The Ovation Breadwinner

A source of inspiration for both the Klein Electric Guitar and the Forshage Headless Electric Guitar, seen and heard in this demo by Roger Placer, the Ovation Breadwinner’s stylings were inspired by the shape of a battle axe! Fortunately, style wasn’t all the guitar designer had in mind. As he states in this interview from The Ovation Breadwinner Page, he sought balance, “a deep cutaway below the strings to reach the high notes” and he “wanted it to rest comfortably on the knee when playing while seated. Hence the cutaway at the bottom.”

Ovation Breadwinner Black

It so happens that there is quite a following for them and several sites exist to provide plenty of information on these interesting guitars:

1. The Ovation Breadwinner – Noted above, this site is dedicated to these early seventies guitars and includes an interview with the guitar’s designer.

2. Ovation Fan Club This site’s purpose is to “inform, educate, communicate and share knowledge of Ovation guitars” which it does quite well.

3. Ovation Tribute Page – This is quite an extensive site that includes information about the Breadwinner and Deacon guitar alongside the rest of the Ovation line.

For more on the Ovation Breadwinner, see The Ovation Breadwinner Electric Guitar – An Unsung Ergonomic Design.

12 Responses to “The Ovation Breadwinner”

  1. I love my Breadwinner. It’s the most comfortable guitar I’ve ever played – when both sitting and when on a strap. It sounds pretty cool too. I picked mine up for a very nice price considering what some of these sell for. No case though, unfortunately.

    I was gutted a few weeks ago when I was outbid on a lovely Ovation Deacon 12-string by just a couple of quid in the last four seconds of an eBay auction. I hate those snipers! I ended up buying a Stratocaster XII instead, which is a fine guitar but doesn’t have the exclusivity factor of the Ovation Deacon.

    1. Thanks for the note on your Breadwinner! Too bad about the Deacon though! That would have made a very nice addition.

    2. What is the 12 string “Breadwinner” going for these days? I have a beautiful sunburst breadwinner with the ovation hardshell case. Interested? Located in US. Jim

  2. Minor nit-pick. On one of the fan sites, there is an interview with the designer. Ergonomics was not on his mind at all — He was thinking Battle Axe. Also interesting, he designed the guitar when players first started referring to their guitars as axes, but the guitar wasn’t actually build until years after the designer left Ovation.


    1. Ray, you may want to revisit that interview. If it’s the one I mention above from the Ovation Breadwinner Page, the guitar designer actually notes several ergonomic considerations besides the fact that the design was inspired by a battle axe. I’ve updated the article to both clarify this and quote some of the relevant text. Thanks for stopping in!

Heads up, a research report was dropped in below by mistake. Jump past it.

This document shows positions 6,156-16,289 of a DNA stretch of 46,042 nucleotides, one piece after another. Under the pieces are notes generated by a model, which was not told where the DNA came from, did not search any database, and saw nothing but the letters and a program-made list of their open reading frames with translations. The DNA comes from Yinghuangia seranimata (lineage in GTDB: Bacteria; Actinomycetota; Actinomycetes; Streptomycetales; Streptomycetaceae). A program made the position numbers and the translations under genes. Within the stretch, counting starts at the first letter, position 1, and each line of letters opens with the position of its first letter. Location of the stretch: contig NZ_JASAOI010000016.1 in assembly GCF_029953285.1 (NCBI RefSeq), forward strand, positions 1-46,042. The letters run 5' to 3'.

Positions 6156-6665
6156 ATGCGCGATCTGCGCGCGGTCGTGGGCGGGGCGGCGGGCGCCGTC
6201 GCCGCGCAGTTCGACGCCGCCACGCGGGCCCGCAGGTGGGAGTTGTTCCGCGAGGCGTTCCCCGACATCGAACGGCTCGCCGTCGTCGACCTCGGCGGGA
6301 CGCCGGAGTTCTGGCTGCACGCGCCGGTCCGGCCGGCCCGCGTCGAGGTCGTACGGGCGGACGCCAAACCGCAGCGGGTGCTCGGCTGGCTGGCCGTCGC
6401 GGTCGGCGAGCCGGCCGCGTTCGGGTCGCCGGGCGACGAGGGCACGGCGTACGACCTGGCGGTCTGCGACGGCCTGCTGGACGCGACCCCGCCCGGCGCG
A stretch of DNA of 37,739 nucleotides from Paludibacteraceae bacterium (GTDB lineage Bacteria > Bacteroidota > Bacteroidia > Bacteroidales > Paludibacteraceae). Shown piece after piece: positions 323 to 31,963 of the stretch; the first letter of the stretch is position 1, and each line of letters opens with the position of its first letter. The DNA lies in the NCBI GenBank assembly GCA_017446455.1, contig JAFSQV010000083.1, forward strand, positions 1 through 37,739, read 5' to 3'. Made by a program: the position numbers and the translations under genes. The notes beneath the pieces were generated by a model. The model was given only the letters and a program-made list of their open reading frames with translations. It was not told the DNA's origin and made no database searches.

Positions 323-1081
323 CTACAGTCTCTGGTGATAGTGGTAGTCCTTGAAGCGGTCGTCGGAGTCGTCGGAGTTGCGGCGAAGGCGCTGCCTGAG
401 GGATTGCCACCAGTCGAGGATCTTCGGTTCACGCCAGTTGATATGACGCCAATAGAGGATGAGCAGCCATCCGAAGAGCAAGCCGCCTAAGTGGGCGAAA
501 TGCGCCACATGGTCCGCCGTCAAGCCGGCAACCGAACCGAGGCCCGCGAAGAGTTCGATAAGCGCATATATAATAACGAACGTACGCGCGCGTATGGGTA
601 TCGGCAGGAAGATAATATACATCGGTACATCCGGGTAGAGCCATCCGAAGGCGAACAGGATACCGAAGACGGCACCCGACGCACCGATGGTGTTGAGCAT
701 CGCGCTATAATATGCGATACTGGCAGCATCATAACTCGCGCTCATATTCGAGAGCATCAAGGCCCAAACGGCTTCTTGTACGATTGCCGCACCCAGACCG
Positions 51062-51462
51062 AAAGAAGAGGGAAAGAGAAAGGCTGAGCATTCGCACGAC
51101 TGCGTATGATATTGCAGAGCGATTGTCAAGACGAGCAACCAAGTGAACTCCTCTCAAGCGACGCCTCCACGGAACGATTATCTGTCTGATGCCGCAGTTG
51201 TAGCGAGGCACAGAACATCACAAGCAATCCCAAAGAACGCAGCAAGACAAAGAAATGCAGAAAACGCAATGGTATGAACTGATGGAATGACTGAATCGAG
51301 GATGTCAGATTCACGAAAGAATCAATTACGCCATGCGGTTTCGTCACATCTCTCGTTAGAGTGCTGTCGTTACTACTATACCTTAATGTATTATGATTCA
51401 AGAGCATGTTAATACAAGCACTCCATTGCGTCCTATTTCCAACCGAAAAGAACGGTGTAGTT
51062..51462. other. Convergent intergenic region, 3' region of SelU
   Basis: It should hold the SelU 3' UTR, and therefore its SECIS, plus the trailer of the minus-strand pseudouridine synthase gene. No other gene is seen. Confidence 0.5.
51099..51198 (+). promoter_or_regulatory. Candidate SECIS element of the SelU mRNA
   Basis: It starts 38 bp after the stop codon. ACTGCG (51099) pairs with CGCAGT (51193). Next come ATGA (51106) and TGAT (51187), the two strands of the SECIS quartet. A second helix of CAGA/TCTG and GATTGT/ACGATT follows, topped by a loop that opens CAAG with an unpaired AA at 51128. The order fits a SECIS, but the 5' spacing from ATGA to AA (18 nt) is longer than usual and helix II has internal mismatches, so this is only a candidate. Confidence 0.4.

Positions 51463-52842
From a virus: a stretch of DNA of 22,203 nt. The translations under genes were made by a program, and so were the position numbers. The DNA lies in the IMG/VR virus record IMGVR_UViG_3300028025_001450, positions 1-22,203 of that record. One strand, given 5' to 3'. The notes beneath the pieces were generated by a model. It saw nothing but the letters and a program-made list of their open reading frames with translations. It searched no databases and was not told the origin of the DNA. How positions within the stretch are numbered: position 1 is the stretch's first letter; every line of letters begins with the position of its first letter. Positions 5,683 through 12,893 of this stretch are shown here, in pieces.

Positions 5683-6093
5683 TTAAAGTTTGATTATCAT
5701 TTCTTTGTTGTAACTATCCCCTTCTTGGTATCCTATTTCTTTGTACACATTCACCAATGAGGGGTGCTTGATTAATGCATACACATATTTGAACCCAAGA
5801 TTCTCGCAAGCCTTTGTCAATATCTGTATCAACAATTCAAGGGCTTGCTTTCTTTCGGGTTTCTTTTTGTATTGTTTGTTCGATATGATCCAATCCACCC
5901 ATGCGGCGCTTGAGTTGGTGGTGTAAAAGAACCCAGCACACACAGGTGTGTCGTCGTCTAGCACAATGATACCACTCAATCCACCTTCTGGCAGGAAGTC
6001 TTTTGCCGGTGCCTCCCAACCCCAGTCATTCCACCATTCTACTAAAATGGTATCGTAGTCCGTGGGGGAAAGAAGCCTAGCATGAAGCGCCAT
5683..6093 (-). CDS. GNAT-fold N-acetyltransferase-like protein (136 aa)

3. What is a 1979 ovation breadwinner going for these days. I have one and want to sell it. I was wondering what it was worth these days.

  4. I have a black Ovation Breadwinner that I purchased new in 1979, molded case included. I just finished practicing on my Breadwinner. This guitar sounds so good and it is very comfortable. I played it through my Crate GT212 amp. I will probably never sell it. Since I am the original owner, I still have the lifetime warranty. The warranty came in handy a couple of times in the last 9 years. I bought this guitar when I was 19 years old and now I am 48. Wow! What a guitar!

    1. Very cool! But I wonder how Ovation would honor a lifetime warranty on a Breadwinner. It’s not like they have anything in their line like it. 🙂

      1. The biggest issue I’ve had with warranty support is the differences between the early models (two FET board designs, toroidal pickups) and the later models (a third board design with different pots and the humbuckers).

        Ovation’s records of these models don’t appear to be very extensive. It took three deliveries to get the proper replacement Volume pot for my early model Deacon with the first series FET board.

  5. I just got a Deacon on ebay about a month ago and really love it. In a big stroke of luck for me, it ended up on the cover of the Austin Chronicle last week:
    I think it is a very comfortable guitar to play and balances perfectly. As others have mentioned, it works well when playing seated. I play fingerstyle, so the wide spacing of the strings is very good for me too. The electronics are interesting; Pretty low output pickups, extremely bright.

  6. A defunct thread perhaps, but get my $0.2 in anyway. For those who might like to try one (like me!) Breadwinners are back – Eastwood, the company known for reissuing oddball electric designs, have revived the model:

  7. Hi, I’ve recently bought a Deacon – a great guitar.

    Anybody got the original instruction book or more info on the rather strange brass bridge?